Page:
X hits on this document

165 views

0 shares

0 downloads

0 comments

15 / 66

Ellsworth Sourcewater Protection Plan December 2004 Rev. September 2005 Page 12 of 63

7. Boat Launch A boat launch presents a variety of PCSs regardless of its size, and presents many PCSs normally associated with shoreline development and surface use. The PCSs include:

  • o

    Polluted runoff (nutrients, petroleum products, etc.) from impervious and/or compacted land surfaces

    • o

      Introduction of aquatic invasive species (please see Note 1 below)

    • o

      Introduction of petroleum products and MTBE from in-lake use

    • o

      Introduction of nitrogen compounds and pathogens from bodily contact and human waste

    • o

      Solid waste disposal

    • o

      Access for intentional harm to the source or drinking water system

A variety of concurrent measures must be taken for a boat launch to safely exist on a drinking water supply lake, including:

  • o

    Adhering to erosion and sedimentation control BMPs during construction, maintenance and operation of the facility

    • o

      Controlling and monitoring access to the lake to prevent an aquatic invasive species infestation

    • o

      Posting signage that informs users that the Lake is a drinking water supply and lists recreational use BMPs

    • o

      Providing privies and facilities for solid waste disposal

    • o

      Restricting access around the intake

Note 1: Some stakeholders report having observed plant material adhering to a kayak during routine boat inspections for invasive aquatic plants. For this reason, hand launch vessels are considered a potential vector for invasive aquatic plant introduction to Branch Lake.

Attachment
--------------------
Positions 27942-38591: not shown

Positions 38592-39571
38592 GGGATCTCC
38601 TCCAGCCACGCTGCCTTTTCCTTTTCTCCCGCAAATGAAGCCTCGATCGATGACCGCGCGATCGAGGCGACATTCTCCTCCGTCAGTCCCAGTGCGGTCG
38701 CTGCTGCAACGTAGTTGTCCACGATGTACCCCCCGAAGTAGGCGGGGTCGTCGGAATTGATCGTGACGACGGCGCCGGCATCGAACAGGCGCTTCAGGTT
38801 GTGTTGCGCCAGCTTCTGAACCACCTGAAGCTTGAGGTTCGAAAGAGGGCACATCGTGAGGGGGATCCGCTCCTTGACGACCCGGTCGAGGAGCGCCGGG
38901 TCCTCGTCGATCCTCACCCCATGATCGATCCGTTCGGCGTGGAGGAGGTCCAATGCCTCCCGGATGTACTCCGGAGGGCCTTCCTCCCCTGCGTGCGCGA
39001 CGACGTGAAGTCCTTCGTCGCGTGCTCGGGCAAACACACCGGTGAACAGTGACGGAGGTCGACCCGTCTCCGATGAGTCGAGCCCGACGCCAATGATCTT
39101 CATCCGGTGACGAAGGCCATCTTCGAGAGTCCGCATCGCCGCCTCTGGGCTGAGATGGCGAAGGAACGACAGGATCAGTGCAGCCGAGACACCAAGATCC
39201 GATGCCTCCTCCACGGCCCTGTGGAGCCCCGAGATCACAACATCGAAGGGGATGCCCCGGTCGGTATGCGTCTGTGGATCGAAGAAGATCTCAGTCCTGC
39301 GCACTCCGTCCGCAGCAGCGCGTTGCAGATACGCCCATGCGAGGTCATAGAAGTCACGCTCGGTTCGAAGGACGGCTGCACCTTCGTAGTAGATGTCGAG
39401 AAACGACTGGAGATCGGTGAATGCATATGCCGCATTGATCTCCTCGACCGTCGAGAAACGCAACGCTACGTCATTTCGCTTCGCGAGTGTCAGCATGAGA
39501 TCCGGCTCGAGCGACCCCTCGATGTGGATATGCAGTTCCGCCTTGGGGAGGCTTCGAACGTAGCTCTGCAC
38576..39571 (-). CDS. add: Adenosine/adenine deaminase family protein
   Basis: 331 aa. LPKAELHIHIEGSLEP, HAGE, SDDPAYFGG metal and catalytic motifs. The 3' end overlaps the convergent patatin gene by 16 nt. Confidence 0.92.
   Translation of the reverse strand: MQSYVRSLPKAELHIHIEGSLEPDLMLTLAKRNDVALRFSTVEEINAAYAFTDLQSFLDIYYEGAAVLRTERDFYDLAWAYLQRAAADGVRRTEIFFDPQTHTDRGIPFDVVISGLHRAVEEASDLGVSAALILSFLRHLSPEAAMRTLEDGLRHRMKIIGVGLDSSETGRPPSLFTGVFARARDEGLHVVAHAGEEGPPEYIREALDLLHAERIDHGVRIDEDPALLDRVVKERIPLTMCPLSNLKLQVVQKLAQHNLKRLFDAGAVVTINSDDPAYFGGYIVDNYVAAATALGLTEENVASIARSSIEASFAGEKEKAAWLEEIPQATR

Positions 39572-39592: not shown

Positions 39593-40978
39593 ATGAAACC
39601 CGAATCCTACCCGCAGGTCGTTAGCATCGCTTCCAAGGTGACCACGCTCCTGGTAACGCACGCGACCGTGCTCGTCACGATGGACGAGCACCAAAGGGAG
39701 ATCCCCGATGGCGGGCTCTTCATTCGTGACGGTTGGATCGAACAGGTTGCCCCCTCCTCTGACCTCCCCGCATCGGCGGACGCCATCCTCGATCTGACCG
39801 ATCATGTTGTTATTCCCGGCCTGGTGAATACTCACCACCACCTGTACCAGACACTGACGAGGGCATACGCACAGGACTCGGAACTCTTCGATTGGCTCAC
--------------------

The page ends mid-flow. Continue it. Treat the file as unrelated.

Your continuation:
8. Public Swimming Beach PCSs associated with a swimming beach include polluted runoff (nutrients, petroleum products, etc.) from impervious and/or compacted land surfaces, introduction of nitrogen compounds and pathogens from bodily contact and human waste, and solid waste disposal. They may also provide access for intentional harm to the source or drinking water system. Measures to help mitigate these impacts include:

    • o

      Adhering to erosion and sedimentation control BMPs during construction, maintenance and operation of the facility

      • o

        Posting signage that informs users that the Lake is a drinking water supply and lists recreational use BMPs

      • o

        Providing privies and facilities for solid waste disposal

      • o

        Restricting access around the intake

  • D.

    Determination of Susceptibility and Capacity to Influence Vulnerability to PCSs

In partnership with the DWP, MRWA developed a set of twenty questions to help determine the capacity of a drinking water system to influence its vulnerability to PCSs. The questions and summary of the discussion with the Water Department Superintendent follow.

Document info
Document views165
Page views165
Page last viewedThu Dec 08 16:40:54 UTC 2016
Pages66
Paragraphs2177
Words20120

Comments